Written on February 20, 2013
Kent Locke from Vining Senini was our guest speaker at last week’s RE/MAX sales meeting. Thanks to Kent for giving us this refresher on the process of court-ordered sales and foreclosures:
The judicial process of a foreclosure begins with a demand letter sent to the borrower, which gives the borrower a short amount of time to pay off the mortgage. Once the letter is sent to the borrower, a petition is filed in the BC Supreme Court which requests an action called the Order Nisi that gives a redemption time to the borrower. The redemption period, which is usually six months, is given to the borrower to redeem the mortgage. The borrow may try to sell the property themselves, during this redemption period.
After the Order Nisi, one of two things will happen.
1. The lender will chose to have the property listed for sale by the court by way of aJudicial Sale through a REALTOR. At this time, the lender will receive an order, approving the sale. The borrower will be responsible for any shortfall between the borrowed amount of the mortgage and the sale amount.
2. The court orders an Order Absolute foreclosure under the following conditions:
a. The redemption period has expired
b. The property is worth the same amount as the mortgage debt or more.
c. The borrower is judgment-proof (i.e. has no assets or money to apply towards deficiency)
d. There are no offers under a judicial sale.
When the lender is granted an Absolute Order, the lender becomes the new registered owner and all borrowers are wiped off title. No further action can be taken against the borrower after the court has granted the Order Absolute.
Once a judgment is placed against a property it is placed on the market with a REALTOR. At this point a buyer can make an offer on the property.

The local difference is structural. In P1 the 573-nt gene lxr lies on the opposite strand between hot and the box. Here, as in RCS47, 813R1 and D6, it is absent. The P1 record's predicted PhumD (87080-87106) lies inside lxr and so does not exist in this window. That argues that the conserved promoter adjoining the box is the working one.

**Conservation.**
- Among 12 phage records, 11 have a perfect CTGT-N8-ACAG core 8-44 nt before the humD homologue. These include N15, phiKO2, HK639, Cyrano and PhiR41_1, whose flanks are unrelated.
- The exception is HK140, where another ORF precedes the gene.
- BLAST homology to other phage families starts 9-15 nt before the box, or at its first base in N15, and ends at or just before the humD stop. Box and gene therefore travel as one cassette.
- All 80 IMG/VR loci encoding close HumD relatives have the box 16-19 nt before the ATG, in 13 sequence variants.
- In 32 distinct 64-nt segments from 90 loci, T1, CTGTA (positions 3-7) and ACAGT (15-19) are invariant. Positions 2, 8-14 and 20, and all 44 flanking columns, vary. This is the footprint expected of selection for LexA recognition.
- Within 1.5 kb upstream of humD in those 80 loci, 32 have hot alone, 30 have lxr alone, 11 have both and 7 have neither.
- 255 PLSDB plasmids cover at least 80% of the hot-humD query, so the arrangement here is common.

Here’s what happens next:
1. The buyer makes an offer to purchase the property. This offer includes price and subjects such as inspection and financing.
2.If the offer is accepted and the subject clauses are removed within the specified time, a court date is set. The buyers subject-free offer goes to court for approval.
3.Once in court the vendor’s lawyer presents the offer to the judge.
The judge asks if there are any other parties in the courtroom who want to submit an offer.
If not, and the offer is market value, the judge will approve the sale.
If there are competing offers the judge will instruct all parties, including the original buyer to leave the courtroom and resubmit their final subject free offer in a sealed envelope to the vendor’s lawyer.
After all offers have been submitted the judge reviews the offers and approves the best offer. Generally speaking the sale goes to the highest bidder, however, if the bids are close (within $1-2,000 of each other) the judge will sometimes choose to award the sale to the party with the original accepted offer in recognition of their due diligence.